Sutcliffe ‘delighted’ to be back

Dr Michael Sutcliffe, former eThekwini Municipality city manager, received an honorary doctorate from UKZN last year. | SETHU DLAMINI

Dr Michael Sutcliffe, former eThekwini Municipality city manager, received an honorary doctorate from UKZN last year. | SETHU DLAMINI

Published Jun 29, 2024


Durban — The two senior government veterans tasked with turning around the fortunes of the ailing eThekwini Municipality will begin their work on Monday.

Durban’s former city manager, Dr Mike Sutcliffe and Dr Cassius Lubisi, the former director-general in the Presidency, were appointed to lead a Section 154 intervention by the Department of Co-operative Governance and Traditional Affairs (Cogta). They now have the constitutional mandate to “support and strengthen” the metro in the running of its affairs.

Sutcliffe on Friday told Independent on Saturday that he wasn’t able to talk about the work “right now”, but was honoured to be part of the team.

“I’m delighted to be able to assist and support the city and certainly will be working as from Monday on developing a programme of action. I’m very thankful for the MEC’s consideration of myself and I think Cassius feels the same way. We really would like to help,” he said.

Earlier this week the City’s executive committee was briefed about the intervention, but Sutcliffe and Lubisi did not attend that meeting.

On Friday the municipality released a statement in which it noted the support introduced by Cogta. It said the City had been supported for a number of years by the National Treasury City Support Programme and more recently by the Presidential eThekwini Working Group to accelerate efforts by the municipality to improve service delivery, business confidence and reposition eThekwini as an investment and tourism hot spot.

“eThekwini council will engage further on KZN Cogta’s support to ensure there is alignment with the Presidential eThekwini Working Group and other support programmes such as the City support programme from the National Treasury.”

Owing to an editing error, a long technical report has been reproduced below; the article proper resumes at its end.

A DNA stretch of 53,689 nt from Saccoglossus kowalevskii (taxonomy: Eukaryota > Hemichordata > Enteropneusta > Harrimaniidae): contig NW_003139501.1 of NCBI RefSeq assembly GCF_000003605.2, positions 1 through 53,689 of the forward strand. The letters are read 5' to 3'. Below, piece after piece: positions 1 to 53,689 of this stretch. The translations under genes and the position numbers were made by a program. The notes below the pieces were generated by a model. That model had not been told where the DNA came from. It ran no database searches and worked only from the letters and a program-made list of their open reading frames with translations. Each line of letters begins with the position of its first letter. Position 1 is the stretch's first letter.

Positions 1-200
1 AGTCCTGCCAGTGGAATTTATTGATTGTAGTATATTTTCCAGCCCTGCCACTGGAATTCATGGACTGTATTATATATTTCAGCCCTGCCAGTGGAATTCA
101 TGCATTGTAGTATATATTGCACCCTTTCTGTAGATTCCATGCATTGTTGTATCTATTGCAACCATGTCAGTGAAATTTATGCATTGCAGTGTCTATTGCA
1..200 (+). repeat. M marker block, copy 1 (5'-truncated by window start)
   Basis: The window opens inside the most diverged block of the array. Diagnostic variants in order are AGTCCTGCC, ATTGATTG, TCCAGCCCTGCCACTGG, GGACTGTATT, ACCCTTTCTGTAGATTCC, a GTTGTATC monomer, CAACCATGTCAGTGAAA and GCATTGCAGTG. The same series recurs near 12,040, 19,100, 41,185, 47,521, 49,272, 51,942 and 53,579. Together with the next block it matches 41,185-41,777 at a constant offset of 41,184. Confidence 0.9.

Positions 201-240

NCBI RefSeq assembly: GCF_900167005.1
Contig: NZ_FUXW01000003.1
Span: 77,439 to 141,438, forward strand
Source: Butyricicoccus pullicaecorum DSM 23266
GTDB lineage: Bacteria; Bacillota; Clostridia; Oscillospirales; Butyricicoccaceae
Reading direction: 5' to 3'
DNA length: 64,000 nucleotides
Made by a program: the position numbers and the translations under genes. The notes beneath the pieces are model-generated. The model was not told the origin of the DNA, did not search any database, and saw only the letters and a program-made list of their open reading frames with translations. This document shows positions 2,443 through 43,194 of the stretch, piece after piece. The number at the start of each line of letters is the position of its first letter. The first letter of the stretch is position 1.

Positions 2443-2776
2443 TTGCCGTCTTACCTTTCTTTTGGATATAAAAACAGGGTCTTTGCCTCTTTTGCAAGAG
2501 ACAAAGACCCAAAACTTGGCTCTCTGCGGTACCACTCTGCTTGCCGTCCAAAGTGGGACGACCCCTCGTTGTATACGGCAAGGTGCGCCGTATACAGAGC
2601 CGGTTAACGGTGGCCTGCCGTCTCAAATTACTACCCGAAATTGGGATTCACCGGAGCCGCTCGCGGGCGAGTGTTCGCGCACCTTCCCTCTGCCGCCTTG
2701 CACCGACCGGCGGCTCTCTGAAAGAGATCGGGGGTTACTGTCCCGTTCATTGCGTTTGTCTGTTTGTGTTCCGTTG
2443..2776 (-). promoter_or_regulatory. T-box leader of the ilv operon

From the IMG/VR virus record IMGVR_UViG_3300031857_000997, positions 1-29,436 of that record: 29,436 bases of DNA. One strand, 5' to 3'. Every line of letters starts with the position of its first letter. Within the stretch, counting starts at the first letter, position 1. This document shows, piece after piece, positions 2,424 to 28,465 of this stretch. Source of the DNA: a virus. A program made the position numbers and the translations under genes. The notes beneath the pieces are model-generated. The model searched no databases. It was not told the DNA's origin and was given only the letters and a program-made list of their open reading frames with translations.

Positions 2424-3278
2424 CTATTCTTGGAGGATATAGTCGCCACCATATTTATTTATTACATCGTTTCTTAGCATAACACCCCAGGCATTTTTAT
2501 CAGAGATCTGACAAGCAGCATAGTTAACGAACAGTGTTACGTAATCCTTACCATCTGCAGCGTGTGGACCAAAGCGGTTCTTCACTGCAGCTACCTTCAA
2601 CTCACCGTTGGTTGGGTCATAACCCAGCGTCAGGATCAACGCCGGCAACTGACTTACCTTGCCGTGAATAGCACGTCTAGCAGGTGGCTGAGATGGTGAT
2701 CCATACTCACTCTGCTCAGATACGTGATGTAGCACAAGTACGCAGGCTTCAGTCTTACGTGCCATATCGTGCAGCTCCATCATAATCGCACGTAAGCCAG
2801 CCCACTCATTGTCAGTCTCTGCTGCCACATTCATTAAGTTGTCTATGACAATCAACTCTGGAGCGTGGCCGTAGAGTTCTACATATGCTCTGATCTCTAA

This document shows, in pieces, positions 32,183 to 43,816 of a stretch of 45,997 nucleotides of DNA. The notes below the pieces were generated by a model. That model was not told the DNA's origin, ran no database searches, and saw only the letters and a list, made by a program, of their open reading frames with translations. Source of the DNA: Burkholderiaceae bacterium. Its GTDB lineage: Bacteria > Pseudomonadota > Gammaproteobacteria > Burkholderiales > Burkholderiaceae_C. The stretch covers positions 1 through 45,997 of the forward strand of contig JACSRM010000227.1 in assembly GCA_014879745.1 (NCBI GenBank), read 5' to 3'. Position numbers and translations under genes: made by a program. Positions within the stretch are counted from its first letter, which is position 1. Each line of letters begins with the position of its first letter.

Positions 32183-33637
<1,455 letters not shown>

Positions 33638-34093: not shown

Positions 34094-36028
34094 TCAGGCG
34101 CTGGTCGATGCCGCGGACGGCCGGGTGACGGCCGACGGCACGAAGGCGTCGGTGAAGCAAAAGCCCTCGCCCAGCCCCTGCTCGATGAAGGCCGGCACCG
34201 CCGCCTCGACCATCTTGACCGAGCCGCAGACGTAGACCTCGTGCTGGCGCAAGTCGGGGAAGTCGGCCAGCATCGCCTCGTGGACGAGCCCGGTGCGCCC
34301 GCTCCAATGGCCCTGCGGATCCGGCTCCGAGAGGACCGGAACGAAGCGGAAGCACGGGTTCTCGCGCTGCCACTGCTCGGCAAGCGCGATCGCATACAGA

Municipal government expert Professor PS Reddy, from the University of KwaZulu-Natal, said in the past five to 10 years there had been a decline in good municipal governance in the City.

“In the first decade of democracy, it performed extremely well, even fairly recently. It was one of the top-performing municipalities on the continent, and it could compare favourably with some of the top cities in the world. But unfortunately, in the last, I would say, five years or decade, there has been a decline in good municipal governance.”

He said a solid team had been appointed to effect the intervention, especially with Sutcliffe’s vast experience at home and abroad.

“During his tenure at the municipality, we saw a great deal of progress.

“For example, if you’re looking at issues or aspects like the ICC, Ushaka Marine World, and even at our hosting of the World Cup in 2010, it was highly successful.”

The Section 154 intervention was first mooted last year and while it was welcomed by political parties, some felt it should have been a Section 139 intervention which would place the municipality under full administration.

ActionSA’s provincial chairperson Zwakele Mncwango said the Section 154 was a soft approach that failed to address the urgency and severity of the municipality’s problems.

“The municipality is currently set to write off more than R24 million due to irregular expenditure incurred over multiple financial years and R931 345 188.13m from July 1, 2023, to March 31, 2024, after having written off R2 030 763 586.26 billion in February this year. This highlights the municipality’s incapacity to perform basic functions, further underscoring the necessity for Section 139 intervention,” Mncwango said.

Ish Prahladh, from the eThekwini Ratepayers and Residents Association, said it was still too early to comment on the Section 154 intervention, but said Sutcliffe had a good track record in the municipality.

“We need to know exactly what their plans are first,” he said.

Independent on Saturday